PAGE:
Q And which was the most difficult to film and why?
The most difficult scene to film was the collapsing building where Bond is running across a rooftop as it collapses behind him. We guided a section of building down a track which impacted on a breakaway area of rooftop causing the three floors below Bond to collapse. It was a very close collaboration between Special Effects and VFX. It took us a long time to develop and feel confident that we had all the safety measures in place to achieve the shot. Once the impact had taken place Bond falls through the building in a chain reaction of collapsing levels, all of which were controlled using hydraulic mechanisms and safety systems. Project leader Kevin Herd and my team spent many hours deliberating over different methods to achieve this effect
Q Empire reported that you enjoy the mechanical side of big rigs more than blowing things up. What is it that you find so appealing about these mechanical rigs in particular?
I do love the whole process of working with my team to research, develop, fabricate, test and film the big mechanical rigs. There is something challenging about the problem-solving process and inspirational about the dedication of my creative engineers to look at all options to overcome the obstacles. Rigs such as the Casino Royale sinking house, the Skyfall underground train crash and The World Is Not Enough caviar house sequence are typical examples. There is no other feeling that compares when the whole plan comes together and spectacular footage has been achieved after months of hard work.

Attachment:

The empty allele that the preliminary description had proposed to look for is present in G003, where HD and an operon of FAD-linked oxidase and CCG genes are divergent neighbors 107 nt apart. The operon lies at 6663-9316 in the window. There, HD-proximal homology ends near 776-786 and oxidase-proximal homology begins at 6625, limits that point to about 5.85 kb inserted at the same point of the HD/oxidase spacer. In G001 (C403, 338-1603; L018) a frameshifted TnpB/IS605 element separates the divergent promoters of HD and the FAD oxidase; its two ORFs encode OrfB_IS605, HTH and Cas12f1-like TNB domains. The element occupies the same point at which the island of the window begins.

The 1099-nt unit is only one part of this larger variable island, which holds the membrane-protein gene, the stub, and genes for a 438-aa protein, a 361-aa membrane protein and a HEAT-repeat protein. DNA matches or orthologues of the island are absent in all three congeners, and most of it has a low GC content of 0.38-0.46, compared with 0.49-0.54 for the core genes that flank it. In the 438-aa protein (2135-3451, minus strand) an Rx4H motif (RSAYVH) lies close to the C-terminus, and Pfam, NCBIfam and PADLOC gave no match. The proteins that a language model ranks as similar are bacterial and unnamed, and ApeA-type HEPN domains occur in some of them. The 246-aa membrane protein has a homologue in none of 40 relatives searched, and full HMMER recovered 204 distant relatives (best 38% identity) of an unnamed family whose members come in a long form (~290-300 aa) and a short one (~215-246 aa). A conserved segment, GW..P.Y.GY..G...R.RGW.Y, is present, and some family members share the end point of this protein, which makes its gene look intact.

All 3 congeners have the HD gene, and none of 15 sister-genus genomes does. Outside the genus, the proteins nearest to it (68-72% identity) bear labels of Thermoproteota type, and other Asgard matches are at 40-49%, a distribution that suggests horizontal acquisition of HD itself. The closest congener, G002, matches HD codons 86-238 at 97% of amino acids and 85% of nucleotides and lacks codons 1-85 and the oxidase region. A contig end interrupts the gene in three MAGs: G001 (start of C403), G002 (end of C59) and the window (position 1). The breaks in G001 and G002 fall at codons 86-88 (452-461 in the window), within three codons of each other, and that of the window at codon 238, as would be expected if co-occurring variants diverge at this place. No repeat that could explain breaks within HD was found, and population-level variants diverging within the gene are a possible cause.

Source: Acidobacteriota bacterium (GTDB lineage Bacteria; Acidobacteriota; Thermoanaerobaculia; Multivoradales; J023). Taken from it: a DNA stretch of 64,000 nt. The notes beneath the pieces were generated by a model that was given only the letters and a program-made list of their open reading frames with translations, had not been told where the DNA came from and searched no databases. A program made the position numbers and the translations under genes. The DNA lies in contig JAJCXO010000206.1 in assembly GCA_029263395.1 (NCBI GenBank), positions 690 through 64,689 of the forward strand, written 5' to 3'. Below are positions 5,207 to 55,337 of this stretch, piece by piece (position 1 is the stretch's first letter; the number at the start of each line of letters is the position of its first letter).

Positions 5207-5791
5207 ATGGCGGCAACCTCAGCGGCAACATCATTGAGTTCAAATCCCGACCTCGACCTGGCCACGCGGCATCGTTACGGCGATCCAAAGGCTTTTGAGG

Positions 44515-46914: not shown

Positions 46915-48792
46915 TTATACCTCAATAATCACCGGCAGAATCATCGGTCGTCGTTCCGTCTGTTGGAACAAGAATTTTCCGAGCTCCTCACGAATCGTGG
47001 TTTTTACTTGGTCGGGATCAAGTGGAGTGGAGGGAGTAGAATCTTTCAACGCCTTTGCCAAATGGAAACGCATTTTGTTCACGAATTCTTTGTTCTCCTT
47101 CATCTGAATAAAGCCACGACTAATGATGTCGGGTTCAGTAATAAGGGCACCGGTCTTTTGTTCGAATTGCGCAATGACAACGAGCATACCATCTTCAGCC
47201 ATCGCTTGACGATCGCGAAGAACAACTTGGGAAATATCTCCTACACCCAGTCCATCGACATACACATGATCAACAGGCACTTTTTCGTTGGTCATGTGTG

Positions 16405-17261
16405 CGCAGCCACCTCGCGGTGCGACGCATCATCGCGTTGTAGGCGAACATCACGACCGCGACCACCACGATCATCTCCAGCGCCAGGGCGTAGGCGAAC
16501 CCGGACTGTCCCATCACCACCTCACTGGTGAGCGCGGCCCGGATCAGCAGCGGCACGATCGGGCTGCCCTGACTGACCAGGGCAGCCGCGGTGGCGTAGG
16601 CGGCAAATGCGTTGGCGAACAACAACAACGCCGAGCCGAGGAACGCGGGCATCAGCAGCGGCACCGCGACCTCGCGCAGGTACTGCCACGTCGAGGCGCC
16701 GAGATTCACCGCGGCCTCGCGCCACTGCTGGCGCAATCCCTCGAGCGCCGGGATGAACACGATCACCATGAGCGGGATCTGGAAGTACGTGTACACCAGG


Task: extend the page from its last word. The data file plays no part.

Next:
Q What are your thoughts on CGI? Is it more of a help or a hindrance to your role as Special Effects Supervisor?
CGI is seldom a hindrance and is a fantastic tool when used wisely. Some of my practical effects would not be possible without the help of CGI and many of my effects are greatly enhanced by digital tweaking. CGI has also made filming a much safer environment to work in as many extra safety features are digitally removed whereas this was not possible a few years ago. I personally believe that our two departments work in complete harmony these days to produce the most realistic effects.
Q What element of your job do you enjoy most?
Coming up with the creative ideas to feed to the Director giving him all the possible ingredients to formulate the most exciting sequence for the audience. I also get a great thrill from seeing my Special Effects crew rise to every challenge and work tirelessly to produce a fantastic end result. This includes the workshop supervisors, floor supervisors, senior technicians, CAD designers, engineers and especially Lynne, my buyer/coordinator/wife who has been responsible for purchasing every item of Special Effects equipment and materials for my films over the last twenty years, along with being my spiritual backbone . I also enjoy working with a lot of the unsung heroes of the film industry like the construction crews, electricians, propmen, accounts personnel, production office personnel, drivers, assistant directors, location dept etc. They are rarely mentioned but are vital to the success of any film.